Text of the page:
Jonathan Breeden: And what is frustrating to us and our clients is if we represent the Mom and the Dad has decided not to visit for three months, and then he shows back up and says, I want this weekend, and the mom's already planned something else because he hasn't been there for three months, that's frustrating to the parent, that's frustrating to the child as well.

And that's why if you have somebody who's stopped participating, who's not visiting consistently, you should file a motion to modify. And get the order modified so they can't try to got you visit with their kid. That's not best for the parent and it's for sure not best for the child.

preference in child custody [:

Jonathan Breeden: The answer is yes and no. A child may state a preference, and no, there is not a minimum age. I think the standard thought out there in the world is, when the child is 12, they can pick who they wanna live with, and that is not the law and that is not how things are often gonna go.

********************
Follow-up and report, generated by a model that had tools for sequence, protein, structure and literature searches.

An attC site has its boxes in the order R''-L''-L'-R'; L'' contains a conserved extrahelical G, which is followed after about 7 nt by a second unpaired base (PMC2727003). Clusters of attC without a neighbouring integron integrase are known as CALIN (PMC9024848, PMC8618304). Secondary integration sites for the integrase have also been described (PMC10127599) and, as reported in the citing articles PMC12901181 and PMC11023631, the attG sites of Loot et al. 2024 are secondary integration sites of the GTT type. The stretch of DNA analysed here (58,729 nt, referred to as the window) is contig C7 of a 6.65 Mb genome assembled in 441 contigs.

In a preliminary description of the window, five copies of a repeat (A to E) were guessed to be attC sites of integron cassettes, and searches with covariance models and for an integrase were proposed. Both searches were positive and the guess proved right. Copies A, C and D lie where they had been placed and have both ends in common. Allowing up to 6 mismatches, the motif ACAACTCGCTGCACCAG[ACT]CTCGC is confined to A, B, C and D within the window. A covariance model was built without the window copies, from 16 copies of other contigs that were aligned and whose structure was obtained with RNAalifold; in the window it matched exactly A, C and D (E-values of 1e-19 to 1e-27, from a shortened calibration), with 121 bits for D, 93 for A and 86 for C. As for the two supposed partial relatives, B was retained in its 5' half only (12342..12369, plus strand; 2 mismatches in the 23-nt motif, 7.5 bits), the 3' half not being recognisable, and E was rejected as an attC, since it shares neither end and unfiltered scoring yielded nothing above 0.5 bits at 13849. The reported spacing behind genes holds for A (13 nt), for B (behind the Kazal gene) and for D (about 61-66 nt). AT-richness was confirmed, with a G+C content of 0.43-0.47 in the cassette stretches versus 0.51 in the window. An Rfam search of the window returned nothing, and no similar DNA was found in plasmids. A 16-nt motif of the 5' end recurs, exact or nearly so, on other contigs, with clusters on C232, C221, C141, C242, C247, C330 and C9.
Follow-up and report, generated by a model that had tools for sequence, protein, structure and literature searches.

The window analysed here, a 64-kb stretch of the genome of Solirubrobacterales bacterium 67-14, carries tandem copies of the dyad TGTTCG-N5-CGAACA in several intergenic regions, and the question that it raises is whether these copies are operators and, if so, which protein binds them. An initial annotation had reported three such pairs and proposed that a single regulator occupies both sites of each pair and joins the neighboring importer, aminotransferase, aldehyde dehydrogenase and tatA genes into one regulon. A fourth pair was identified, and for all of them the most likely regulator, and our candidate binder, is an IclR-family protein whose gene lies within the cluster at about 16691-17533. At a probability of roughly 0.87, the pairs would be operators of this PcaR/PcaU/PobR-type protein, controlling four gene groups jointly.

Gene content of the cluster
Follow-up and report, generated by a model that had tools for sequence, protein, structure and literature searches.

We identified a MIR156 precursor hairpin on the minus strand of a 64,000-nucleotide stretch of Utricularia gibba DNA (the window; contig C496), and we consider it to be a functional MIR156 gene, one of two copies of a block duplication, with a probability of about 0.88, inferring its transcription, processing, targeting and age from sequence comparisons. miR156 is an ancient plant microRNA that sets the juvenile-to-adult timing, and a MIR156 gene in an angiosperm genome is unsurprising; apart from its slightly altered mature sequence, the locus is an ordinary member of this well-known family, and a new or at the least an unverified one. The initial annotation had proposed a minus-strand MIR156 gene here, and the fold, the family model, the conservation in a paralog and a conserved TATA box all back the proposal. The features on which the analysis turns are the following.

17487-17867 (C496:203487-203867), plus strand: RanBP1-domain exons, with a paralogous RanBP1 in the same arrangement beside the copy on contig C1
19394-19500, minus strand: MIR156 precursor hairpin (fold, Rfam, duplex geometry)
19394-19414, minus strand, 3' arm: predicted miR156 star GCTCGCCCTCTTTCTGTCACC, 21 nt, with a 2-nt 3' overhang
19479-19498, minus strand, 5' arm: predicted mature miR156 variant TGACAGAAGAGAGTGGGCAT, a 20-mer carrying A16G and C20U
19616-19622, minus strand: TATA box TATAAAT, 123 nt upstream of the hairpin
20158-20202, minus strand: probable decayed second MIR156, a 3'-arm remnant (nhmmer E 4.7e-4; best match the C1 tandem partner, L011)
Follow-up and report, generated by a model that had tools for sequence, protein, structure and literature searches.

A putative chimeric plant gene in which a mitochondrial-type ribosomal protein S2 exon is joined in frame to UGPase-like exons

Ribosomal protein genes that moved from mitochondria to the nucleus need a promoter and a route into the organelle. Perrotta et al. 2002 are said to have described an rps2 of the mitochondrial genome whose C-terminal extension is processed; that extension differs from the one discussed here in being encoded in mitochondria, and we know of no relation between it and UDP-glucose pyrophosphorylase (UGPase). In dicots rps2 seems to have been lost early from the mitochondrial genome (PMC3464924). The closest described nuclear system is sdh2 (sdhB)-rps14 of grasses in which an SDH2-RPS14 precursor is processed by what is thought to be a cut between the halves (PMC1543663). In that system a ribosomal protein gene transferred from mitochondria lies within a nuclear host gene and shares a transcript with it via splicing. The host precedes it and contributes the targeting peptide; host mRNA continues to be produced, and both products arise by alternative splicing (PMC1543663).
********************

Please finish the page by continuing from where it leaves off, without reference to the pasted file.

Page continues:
The courts are willing to listen to any witness that a party may want to call, including a child, as long as that witness knows the difference between a truth and a lie and can tell the judge that they know the difference between a truth and a lie and is mature enough to state an opinion that is their own and not one that is coerced or bribed or, and I got tons of stories.

I mean, we could do,

Raena Burch: Oh no doubt.

n, you know, coached up. You [:

You know, and the kids come in there and they're ready to go. But the thing is, they're kids and a good lawyer, like lawyers that bring law office within about three questions, they're gonna have this kid so confused that they're not gonna be able to get their story straight, because what they've been pumped up to say is not actually the truth.

Raena Burch: Yeah.

Jonathan Breeden: And they don't know how to handle it once, you know, and that's the part is they say, well, I'm gonna take the kid in there and I don't get the kid to go in there and say they never wanna see their father again. Well, okay, you could do that, but the father's attorney is gonna get to ask that kid questions and find the basis for that opinion.

And oftentimes the basis of that opinion is not very deep other than, my Mom kind of told me to come in here and say this.

Raena Burch: Yeah.

Jonathan Breeden: And you know, the court's gonna see right through that. So ultimately, and the reason that children don't get to pick. Right?